Not two hours would pass before the city would be in the spotlight of the media and both the government and the people would think it quite natural to send help to the city in crisis and “salvage” that city.

I really wish (just to take an example well known to you) that Denmark would regard Iran as a little provincial city belonging to Denmark. If this was so, these dirty and barbaric islamists would not be able to destroy Iran the way have been doing for more than 20 years. If we were one single country we would feel some sort of togetherness and belonging a and certain responsibility towards our next of kin. Ours, ours and ours. What they do with theirs is not our headache. We tend to think in terms of "them" and "us". There are those people down there, and then there are us up here in a world apart. That is the real problem, all these “ours” and “theirs”. All this “us and them”.

Spectacular nuclear

No. Now the time has come for us to act. In order to avoid a couple of spectacular nuclear wars and ensure our own survival we are forced to consider everything as ours. It is all ours. The responsibility is ours. If only the whole world would react against injustice, terrorism and fanaticism, if only people with democratic minds and traditions - in the West or in the East - would speak up more firmly.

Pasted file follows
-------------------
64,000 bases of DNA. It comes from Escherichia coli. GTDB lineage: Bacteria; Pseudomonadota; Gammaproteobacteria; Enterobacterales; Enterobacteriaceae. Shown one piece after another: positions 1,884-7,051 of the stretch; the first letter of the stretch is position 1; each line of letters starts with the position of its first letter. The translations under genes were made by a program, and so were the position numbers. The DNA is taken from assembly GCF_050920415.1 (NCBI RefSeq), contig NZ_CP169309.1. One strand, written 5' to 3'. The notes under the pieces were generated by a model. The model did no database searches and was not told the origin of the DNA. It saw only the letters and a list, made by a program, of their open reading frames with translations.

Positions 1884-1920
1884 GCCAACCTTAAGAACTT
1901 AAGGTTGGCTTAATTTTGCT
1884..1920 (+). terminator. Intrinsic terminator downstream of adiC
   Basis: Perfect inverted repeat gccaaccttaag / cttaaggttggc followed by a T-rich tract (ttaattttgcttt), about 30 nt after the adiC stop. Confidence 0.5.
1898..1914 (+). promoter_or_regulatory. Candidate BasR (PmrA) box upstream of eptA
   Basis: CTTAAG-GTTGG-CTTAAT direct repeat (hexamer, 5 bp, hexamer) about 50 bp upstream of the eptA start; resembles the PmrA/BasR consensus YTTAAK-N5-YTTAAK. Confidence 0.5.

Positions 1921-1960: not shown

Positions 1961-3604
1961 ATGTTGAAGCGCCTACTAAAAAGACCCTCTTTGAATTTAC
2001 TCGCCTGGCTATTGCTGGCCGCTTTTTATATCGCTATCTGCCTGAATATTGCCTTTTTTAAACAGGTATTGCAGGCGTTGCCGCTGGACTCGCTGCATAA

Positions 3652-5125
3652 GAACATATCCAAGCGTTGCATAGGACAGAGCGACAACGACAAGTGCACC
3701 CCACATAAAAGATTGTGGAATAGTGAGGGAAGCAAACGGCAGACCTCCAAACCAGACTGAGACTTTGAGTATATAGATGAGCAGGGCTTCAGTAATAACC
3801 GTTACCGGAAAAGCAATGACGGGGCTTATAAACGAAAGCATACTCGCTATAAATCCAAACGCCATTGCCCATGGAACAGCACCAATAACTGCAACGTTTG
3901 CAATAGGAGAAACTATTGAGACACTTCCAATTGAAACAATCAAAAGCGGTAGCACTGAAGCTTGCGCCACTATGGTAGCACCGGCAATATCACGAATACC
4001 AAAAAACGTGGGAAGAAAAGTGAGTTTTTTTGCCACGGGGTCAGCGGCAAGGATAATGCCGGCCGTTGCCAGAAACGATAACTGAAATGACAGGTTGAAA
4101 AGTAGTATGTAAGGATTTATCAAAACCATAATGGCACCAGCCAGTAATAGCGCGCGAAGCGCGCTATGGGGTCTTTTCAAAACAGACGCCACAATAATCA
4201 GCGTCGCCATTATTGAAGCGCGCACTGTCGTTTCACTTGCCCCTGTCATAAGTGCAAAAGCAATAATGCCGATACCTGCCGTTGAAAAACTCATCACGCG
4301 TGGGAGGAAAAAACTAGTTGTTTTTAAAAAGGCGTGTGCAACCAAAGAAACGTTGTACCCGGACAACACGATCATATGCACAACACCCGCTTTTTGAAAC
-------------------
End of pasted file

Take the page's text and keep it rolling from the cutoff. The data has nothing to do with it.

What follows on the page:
Democratisation of the Middle East and especially Iran is a necessity for the survival of mankind. I hear that one commercial agreement after another is made with (an) Iran which constantly violates all human rights. When I ask: “Why on earth do you have to deal with murderers?” the answer is: “Critical dialogue”.

“Critical dialogue”? I have never found out what “critical dialogue” really is. For me “critical dialogue” with Iran or China is the same as letting Josef Frizl run about freely while turning a blind eye to the prisoners in his cellar... and then doing nothing more than havng “critical dialogue” with him once a week.

Politicians stand up and deliver beautiful speeches about human rights and issue one condemnation after the other. But a moment after they sign the most profitable economic contracts with the same despots and tyrants, and mullahs, they have just condemned.